The living may not be easy this summer time, but with effective prior planning across all areas of your business, it can certainly be profitable.

Featured image created by Katemangostar – Freepik.com

Get Ready for Summer

Top Tips for Event Planning

Mothers’ Day is almost upon us, and will be swiftly followed by Easter, May’s bank holidays, and the busy summer season. Making the most of these opportunities on an annual basis can be essential to the success of many hospitality businesses. Here are our top tips on how to do just that.

Scope out the year in advance

To ensure the best possible preparation for all the calendar’s biggest dates, proper prior planning is key. It’s a great idea to take some time to think ahead to the next twelve months and scope out all the significant events to come. This applies both in terms of days of national importance, such as Mothers’ Day and bank holidays, as well as more localised events. These could be festivals, local sporting occasions, or even big bookings for weddings you may have taken months in advance. Having a firm grasp on what is happening to affect your business and when it is happening is the first step towards driving bumper sales. 

Image result for beer garden

Summer bank holidays drive bumper sales

Dwell on the past

Every hospitality business is different, and an event that may cause a huge sales uplift in one may barely register at another. The best way to predict the impact an event may have on your trading, and therefore guide your staffing levels and offer, is to consider historic data. Sales patterns from the same or a similar occasion in previous years are likely to be repeated. S4Labour gives you crucial insight into historic trading, with reporting considering factors like the day of the week and weather to help managers accurately forecast sales.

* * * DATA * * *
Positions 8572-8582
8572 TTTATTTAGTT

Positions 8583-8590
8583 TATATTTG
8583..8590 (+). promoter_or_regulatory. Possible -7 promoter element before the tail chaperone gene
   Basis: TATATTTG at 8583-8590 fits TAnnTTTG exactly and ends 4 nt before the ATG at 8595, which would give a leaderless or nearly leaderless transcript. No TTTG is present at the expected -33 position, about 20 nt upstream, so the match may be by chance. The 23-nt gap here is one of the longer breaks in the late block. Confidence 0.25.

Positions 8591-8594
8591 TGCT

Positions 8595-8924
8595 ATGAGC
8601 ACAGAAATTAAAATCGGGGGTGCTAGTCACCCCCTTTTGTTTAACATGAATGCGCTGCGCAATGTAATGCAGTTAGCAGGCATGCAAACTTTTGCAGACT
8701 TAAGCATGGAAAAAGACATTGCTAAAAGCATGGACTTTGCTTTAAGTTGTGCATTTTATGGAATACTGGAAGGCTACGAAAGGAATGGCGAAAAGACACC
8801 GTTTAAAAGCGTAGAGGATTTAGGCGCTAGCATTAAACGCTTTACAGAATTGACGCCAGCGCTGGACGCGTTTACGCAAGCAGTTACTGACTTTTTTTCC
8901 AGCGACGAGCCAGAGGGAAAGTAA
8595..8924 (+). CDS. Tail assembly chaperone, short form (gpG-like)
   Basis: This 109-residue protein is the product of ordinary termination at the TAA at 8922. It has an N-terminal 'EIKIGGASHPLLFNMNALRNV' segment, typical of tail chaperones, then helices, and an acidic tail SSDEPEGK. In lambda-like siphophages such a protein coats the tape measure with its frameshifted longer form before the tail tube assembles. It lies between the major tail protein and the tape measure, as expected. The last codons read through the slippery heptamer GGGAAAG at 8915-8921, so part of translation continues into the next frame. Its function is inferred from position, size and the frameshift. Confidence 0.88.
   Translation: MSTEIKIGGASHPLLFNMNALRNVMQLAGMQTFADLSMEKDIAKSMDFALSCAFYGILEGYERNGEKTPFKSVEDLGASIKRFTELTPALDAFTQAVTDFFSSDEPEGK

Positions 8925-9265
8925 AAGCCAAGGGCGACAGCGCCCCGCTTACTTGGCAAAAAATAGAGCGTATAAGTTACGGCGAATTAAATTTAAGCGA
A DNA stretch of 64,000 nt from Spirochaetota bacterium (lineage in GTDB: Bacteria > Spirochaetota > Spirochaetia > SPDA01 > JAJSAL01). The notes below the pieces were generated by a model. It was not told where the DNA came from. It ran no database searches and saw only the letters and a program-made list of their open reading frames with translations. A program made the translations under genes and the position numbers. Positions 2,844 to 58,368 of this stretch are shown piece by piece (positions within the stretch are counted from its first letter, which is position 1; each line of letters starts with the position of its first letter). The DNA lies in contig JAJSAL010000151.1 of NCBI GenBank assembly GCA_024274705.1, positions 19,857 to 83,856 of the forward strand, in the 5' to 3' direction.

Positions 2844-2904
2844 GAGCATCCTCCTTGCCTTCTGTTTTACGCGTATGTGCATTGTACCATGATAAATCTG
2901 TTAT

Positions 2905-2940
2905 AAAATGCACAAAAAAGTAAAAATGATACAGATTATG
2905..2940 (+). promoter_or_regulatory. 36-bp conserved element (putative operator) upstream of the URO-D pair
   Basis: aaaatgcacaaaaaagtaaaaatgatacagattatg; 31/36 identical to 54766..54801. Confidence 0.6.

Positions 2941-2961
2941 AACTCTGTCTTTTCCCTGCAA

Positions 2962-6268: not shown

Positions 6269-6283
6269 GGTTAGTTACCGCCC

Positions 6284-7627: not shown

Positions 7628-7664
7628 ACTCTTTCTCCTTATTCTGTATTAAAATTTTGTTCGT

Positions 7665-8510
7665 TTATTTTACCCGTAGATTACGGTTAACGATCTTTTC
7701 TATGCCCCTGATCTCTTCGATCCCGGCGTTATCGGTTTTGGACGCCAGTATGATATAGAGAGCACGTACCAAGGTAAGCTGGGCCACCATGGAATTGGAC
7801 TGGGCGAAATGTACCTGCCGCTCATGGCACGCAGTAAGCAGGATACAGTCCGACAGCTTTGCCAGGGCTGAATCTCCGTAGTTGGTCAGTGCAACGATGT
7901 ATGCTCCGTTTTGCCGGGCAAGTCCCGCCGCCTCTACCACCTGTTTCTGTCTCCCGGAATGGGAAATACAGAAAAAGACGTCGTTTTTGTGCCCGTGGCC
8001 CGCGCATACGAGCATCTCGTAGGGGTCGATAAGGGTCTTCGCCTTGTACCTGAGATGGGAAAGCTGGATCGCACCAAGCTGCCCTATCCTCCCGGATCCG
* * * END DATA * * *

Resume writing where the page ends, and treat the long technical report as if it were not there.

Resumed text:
S4Labour gives you crucial insight into historic trading, with reporting considering factors like the day of the week and weather to help managers accurately forecast sales.

The human factor

People are at the heart of hospitality. To maximise the potential benefits that special events can bring your business, it is important to get the human side right. Good communication between managers and employees, while always healthy, is even more valuable around key events. Publishing rotas well in advance and briefing both front and back of house teams on what’s expected of them will help the smooth running of the big day. 

Happy holidays

There is always value in keeping a close eye on holidays in the context of event planning. There is little worse for a manager than finding themselves caught between the need to not be understaffed and an employee asking for time off that they have accrued and have a legal right to take. This is particularly pertinent for businesses running a January to December holiday year with a likely conflict between holiday requests and the busy festive season.

S4Labour allows you to quickly and easily manage your staff’s holiday allowance, accrual, requests, and payments. This saves you time and effort and keeping employees happy and motivated.  

Make the occasion special 

Though the potential for increased profits around special events is huge, boosted sales are never guaranteed. Consumers have a lot of choice so making your offering as attractive as possible is critical. Spend some time well ahead of the event to define your offer and invest time and energy in marketing it well. Think about practical factors like how many cover turns you can perform, and whether there may be value in rearranging furniture. The prime table arrangement for Valentine’s Night is likely to be very different to a big sporting event’s perfect layout. You can also release pressure on your busy kitchen team through effective planning of special menus. Dishes that will drive sales but are not labour intensive and can be part-prepared ahead of time are ideal.

Featured image by Nensuria – Freepik.com

Guide to User Access Levels